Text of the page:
Sunday, April 04, 2010

God Bless Joe Biden, For Motivating the Opposition

If we didn't know already, Vice President Joe Biden reminded us that passing health care reform is a "BIG (F-bomb)-ING DEAL!" Thanks, Joe! Of course, he used the profanity in praise of Obama, so it's not like when Cheney said "go (f-bomb) yourself" to some Democrat Senator. Personally, I find both comments unremarkable, but for the fact that they've been remarked about.

I could rightly argue that Cheney was somewhat more discreet, only being on the Senate floor. Also, let's be honest; Biden is a serial offender, when it comes to sticking his foot in his mouth, surpassing even Pres. Bush's famed malapropisms.

For some reason, this endears Joe to most people. I have to admit, I like the guy, though I consider him an old-school "hack" politician, who rode Obama's coattails. He's got to be enjoying this, or he wouldn't have made that comment, at such an inappropriate moment.

So God Bless Joe, for giving us a peek at the "hack" mentality of shoving through unpopular legislation. It sounded as if Biden thinks this is like making the playoffs, to use a sports analogy. Now, they can build on this momentum, to win further victories, over public opposition. I feel bad for him, if that's what he thinks.

He was right, though. This was a "big deal," to paraphrase him. It's a big deal to the people who opposed it all along, and the people who want to repeal it now. We're going to replay your comment, and it will keep us motivated for a long time.

Joe Biden is priceless, for both political and comedic entertainment. Sometimes he helps his own party, but more often he helps the comedy writers, and the GOP. Ya gotta love him!

NYS GOP Backs Levy, Conservatives Back Lazio...What Will Happen?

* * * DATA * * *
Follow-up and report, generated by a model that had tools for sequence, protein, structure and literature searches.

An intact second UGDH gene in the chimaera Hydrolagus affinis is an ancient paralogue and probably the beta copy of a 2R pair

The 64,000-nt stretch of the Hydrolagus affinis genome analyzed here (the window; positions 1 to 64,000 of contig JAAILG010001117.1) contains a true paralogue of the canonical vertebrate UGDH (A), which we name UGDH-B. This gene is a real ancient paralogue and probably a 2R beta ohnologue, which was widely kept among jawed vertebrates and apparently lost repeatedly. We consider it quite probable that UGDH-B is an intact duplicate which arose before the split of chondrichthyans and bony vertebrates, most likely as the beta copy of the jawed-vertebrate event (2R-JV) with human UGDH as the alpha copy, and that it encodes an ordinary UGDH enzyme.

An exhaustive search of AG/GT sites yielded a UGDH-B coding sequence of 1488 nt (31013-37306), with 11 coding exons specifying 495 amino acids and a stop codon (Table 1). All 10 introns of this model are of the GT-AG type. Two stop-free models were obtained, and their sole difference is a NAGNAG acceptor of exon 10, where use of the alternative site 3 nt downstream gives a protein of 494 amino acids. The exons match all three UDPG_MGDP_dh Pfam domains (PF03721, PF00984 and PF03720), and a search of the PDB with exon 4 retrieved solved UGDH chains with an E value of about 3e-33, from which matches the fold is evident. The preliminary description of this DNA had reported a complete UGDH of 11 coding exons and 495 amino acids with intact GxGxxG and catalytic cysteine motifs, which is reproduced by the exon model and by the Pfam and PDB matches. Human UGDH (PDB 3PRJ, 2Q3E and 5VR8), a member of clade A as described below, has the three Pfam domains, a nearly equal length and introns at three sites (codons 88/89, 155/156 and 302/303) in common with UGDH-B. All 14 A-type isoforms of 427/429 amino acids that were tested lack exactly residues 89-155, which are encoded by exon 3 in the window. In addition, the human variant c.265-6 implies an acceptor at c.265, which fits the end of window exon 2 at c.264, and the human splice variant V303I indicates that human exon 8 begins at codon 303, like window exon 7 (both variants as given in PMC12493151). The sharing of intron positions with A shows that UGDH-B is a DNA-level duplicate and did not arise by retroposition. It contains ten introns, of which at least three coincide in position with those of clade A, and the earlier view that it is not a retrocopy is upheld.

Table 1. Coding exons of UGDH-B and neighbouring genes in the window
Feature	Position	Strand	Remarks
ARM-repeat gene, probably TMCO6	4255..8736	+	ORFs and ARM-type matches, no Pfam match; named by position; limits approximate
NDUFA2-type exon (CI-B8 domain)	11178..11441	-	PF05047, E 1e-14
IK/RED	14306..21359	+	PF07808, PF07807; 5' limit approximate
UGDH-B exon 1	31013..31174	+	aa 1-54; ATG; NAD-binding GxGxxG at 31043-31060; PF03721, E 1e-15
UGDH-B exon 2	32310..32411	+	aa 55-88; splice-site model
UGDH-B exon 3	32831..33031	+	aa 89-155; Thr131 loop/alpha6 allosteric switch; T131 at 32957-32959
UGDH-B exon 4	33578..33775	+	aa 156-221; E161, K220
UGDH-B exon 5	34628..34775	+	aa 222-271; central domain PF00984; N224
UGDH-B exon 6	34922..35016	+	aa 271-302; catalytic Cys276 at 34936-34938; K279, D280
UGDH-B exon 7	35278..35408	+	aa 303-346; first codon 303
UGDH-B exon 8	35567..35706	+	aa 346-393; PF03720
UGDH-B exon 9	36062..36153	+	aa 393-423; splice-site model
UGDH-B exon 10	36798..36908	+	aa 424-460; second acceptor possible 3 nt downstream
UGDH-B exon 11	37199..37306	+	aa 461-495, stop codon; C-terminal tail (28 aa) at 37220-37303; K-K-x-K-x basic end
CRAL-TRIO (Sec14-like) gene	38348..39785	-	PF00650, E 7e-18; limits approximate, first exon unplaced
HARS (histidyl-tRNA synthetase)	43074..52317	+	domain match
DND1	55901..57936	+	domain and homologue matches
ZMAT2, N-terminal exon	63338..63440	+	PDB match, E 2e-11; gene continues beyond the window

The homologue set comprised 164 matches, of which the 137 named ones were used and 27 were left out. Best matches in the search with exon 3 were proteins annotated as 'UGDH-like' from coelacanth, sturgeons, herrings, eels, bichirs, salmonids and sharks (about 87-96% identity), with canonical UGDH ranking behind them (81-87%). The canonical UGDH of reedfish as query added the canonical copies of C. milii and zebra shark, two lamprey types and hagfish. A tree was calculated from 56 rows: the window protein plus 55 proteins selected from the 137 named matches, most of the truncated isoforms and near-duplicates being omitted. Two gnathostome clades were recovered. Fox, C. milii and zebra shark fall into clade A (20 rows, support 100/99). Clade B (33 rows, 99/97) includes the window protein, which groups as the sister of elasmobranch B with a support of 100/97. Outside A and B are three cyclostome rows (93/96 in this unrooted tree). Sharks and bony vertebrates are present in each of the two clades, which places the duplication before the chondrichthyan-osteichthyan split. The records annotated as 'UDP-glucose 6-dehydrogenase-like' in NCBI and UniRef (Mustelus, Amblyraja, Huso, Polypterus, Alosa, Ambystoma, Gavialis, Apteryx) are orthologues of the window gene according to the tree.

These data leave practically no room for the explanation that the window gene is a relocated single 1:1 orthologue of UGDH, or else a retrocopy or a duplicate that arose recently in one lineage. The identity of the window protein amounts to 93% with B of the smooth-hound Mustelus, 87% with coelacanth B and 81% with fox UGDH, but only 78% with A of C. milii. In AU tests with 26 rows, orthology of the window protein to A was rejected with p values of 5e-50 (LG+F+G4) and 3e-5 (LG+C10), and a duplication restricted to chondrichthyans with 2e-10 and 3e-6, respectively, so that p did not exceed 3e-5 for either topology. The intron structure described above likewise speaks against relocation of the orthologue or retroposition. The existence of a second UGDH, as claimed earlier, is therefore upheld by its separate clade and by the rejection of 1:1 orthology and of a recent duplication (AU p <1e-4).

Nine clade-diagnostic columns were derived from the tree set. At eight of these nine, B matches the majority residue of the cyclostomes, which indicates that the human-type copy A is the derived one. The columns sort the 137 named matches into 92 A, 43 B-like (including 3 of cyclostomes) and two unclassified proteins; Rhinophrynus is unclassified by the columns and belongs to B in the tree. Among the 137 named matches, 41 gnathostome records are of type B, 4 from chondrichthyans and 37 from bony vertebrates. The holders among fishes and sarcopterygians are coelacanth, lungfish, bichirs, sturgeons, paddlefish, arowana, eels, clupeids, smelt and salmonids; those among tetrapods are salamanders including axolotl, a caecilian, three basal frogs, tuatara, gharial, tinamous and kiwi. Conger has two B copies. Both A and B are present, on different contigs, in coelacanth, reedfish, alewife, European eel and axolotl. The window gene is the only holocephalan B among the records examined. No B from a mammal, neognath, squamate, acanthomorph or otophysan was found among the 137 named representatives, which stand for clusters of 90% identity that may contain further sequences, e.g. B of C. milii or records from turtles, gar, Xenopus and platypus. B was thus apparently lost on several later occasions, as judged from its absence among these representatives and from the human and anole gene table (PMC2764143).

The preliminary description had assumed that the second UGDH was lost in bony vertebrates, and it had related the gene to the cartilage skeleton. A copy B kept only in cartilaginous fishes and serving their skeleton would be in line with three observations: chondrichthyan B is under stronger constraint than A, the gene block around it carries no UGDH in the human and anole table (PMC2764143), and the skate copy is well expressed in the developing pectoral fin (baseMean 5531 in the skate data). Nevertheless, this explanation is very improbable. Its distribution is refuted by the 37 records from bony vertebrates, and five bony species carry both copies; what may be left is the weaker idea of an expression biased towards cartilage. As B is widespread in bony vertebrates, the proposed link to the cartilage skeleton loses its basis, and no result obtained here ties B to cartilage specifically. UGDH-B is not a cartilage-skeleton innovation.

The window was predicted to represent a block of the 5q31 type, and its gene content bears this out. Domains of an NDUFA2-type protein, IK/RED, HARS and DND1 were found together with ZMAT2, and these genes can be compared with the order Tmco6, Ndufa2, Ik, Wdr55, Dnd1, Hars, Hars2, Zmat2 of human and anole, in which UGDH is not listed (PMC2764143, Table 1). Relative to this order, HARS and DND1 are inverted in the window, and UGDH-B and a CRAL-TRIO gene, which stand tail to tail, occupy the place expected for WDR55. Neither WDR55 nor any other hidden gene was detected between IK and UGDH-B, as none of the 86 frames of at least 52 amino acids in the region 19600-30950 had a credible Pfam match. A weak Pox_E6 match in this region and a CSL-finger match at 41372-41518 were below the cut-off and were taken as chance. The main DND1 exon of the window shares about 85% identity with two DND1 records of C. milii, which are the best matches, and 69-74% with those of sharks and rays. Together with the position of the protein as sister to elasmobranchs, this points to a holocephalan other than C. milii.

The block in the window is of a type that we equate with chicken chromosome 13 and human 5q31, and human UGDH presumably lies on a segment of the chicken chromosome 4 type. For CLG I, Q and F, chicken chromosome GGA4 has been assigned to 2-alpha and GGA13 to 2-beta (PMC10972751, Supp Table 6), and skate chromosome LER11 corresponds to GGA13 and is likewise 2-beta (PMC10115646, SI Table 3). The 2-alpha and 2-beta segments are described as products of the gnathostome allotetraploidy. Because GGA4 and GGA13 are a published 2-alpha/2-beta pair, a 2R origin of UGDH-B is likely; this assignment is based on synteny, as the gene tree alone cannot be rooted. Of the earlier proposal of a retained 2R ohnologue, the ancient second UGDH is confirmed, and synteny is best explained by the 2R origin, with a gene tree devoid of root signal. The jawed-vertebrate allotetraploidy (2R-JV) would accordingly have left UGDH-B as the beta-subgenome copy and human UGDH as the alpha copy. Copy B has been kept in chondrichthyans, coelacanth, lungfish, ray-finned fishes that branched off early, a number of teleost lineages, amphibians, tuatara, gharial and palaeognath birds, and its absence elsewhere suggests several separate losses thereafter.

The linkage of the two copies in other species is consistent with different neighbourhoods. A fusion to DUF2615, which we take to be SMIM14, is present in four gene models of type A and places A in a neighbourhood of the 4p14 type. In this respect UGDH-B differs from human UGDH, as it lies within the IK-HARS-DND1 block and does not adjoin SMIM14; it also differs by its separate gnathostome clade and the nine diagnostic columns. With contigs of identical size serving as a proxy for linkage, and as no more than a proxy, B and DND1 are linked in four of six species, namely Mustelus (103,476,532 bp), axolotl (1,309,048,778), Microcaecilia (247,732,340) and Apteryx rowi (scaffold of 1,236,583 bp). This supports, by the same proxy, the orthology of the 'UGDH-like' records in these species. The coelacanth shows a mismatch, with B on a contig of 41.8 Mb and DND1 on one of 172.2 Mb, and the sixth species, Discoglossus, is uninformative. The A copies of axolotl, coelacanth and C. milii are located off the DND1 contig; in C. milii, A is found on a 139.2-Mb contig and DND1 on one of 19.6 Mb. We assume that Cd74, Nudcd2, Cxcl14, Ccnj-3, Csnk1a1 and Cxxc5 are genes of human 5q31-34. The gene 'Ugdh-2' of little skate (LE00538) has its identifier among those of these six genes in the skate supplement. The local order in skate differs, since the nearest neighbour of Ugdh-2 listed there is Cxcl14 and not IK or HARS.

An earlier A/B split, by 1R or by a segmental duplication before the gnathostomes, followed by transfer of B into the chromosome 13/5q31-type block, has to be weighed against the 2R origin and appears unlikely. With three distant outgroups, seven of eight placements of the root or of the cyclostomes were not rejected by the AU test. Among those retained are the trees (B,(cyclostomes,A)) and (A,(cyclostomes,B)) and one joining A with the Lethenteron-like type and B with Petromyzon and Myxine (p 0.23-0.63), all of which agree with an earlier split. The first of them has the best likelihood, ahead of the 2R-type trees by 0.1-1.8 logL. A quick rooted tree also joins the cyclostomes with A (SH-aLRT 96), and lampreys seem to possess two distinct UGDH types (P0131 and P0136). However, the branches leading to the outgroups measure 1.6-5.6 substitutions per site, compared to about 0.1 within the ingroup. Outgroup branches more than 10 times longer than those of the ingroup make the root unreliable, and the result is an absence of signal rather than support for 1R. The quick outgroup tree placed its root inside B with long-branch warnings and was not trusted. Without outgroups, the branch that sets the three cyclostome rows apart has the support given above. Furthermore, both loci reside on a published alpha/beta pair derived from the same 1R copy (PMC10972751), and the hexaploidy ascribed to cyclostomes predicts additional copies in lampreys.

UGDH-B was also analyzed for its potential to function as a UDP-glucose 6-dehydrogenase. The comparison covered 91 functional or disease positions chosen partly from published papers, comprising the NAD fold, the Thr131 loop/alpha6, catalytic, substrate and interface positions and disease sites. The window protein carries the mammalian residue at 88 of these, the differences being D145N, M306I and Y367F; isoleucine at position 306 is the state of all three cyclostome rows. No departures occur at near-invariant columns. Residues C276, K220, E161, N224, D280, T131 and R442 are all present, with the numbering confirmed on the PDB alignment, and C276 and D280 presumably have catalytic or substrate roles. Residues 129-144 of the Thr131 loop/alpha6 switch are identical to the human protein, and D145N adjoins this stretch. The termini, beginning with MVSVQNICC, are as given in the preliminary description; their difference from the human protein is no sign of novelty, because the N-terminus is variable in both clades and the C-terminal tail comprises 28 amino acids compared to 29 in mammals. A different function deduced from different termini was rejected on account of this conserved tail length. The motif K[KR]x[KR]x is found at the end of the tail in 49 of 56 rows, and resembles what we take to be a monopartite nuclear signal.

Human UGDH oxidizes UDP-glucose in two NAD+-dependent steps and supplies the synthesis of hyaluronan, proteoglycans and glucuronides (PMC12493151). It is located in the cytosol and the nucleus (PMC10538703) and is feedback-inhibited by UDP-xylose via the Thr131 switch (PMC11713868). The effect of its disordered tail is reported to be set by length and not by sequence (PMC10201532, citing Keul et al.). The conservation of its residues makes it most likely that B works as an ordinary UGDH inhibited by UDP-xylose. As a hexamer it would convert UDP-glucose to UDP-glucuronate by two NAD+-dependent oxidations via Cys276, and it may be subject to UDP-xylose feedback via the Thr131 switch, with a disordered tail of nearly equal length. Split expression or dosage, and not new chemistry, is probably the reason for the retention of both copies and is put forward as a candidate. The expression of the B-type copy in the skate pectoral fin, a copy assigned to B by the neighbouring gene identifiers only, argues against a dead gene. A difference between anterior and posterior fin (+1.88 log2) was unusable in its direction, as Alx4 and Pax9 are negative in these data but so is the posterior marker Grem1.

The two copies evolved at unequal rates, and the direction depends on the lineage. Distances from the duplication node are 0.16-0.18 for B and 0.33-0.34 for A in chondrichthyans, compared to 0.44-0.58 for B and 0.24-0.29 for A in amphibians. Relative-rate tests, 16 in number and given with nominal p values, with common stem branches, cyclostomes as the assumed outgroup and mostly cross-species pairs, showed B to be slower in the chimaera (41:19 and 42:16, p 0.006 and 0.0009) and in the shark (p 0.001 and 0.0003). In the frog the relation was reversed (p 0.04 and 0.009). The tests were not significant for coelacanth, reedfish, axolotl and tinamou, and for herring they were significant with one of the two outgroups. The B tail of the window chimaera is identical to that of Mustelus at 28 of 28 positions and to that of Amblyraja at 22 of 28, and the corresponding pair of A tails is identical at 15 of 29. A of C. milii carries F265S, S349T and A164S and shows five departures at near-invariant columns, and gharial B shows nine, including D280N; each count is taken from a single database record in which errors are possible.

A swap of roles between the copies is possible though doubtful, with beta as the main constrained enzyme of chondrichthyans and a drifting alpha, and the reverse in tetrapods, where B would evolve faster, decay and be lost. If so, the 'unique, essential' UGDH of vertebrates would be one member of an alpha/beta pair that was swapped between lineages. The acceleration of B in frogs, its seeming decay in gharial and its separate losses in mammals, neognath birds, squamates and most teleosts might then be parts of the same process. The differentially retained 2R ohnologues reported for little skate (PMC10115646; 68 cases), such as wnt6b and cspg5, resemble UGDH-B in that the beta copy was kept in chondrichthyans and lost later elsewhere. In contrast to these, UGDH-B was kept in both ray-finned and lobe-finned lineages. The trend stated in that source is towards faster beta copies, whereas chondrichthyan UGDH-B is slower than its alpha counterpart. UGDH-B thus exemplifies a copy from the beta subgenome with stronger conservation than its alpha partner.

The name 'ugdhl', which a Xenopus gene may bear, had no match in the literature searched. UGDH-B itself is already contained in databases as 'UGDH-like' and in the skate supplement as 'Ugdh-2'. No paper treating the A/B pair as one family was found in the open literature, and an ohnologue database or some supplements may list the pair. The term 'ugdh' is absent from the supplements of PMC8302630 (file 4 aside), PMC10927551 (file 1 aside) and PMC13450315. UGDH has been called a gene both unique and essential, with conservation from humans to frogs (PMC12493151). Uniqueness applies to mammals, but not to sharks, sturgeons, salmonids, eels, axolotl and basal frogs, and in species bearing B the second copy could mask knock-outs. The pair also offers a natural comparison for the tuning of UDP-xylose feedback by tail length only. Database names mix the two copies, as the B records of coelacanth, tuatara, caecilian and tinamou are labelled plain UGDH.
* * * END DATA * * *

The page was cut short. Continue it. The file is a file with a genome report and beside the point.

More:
The NYS Conservative party appears to be supporting Rick Lazio, over newly-minted Republican Steve Levy, the formerly Democratic Suffolk County Executive. The Conservatives endorsed him in his '07 re-election campaign, but he ran unopposed. Why was that? It looks as if he was fighting against the "tax and spend" mentality that most elected officials and bureaucrats have, and it was politically popular. That's why he might be a tougher opponent for Cuomo than Lazio, in the general election.

I want to share some excerpts from some recent columns, and use them in support of Levy's candidacy:

(link) The rallying cry in NYS is "stop the spending," and people are looking for candidates whose record reflects that. They are tired of having the party "anoint" candidates that they have to hold their nose while voting for...I think the GOP senators are scared, because he may represent the exact threat they fear the most: the voice of voters from both parties, who are saying "the party is over! STOP THE SPENDING!"

(link) If there was ever a state that needed a "political insurrection" by the taxpaying people, it is New York. "Governor" Cuomo (this is 99.9% certain to happen) will not fix the system; he is part of it, and has been for years. NYS needs a governor like Chris Christie of New Jersey, someone who will take the bull by the horns, and challenge the entrenched liberal interests.

(link) Meanwhile, the GOP has a revolution within it's ranks. The fiscal conservatives are taking precedence over the social conservatives...Socially liberal, or "Rockerfeller" Republicans have usually been fiscally liberal, as well. That has changed...The GOP, as the minority, stands to benefit, whether it's "divided" or not. They are better positioned to adopt the "tea party" principles, in any case.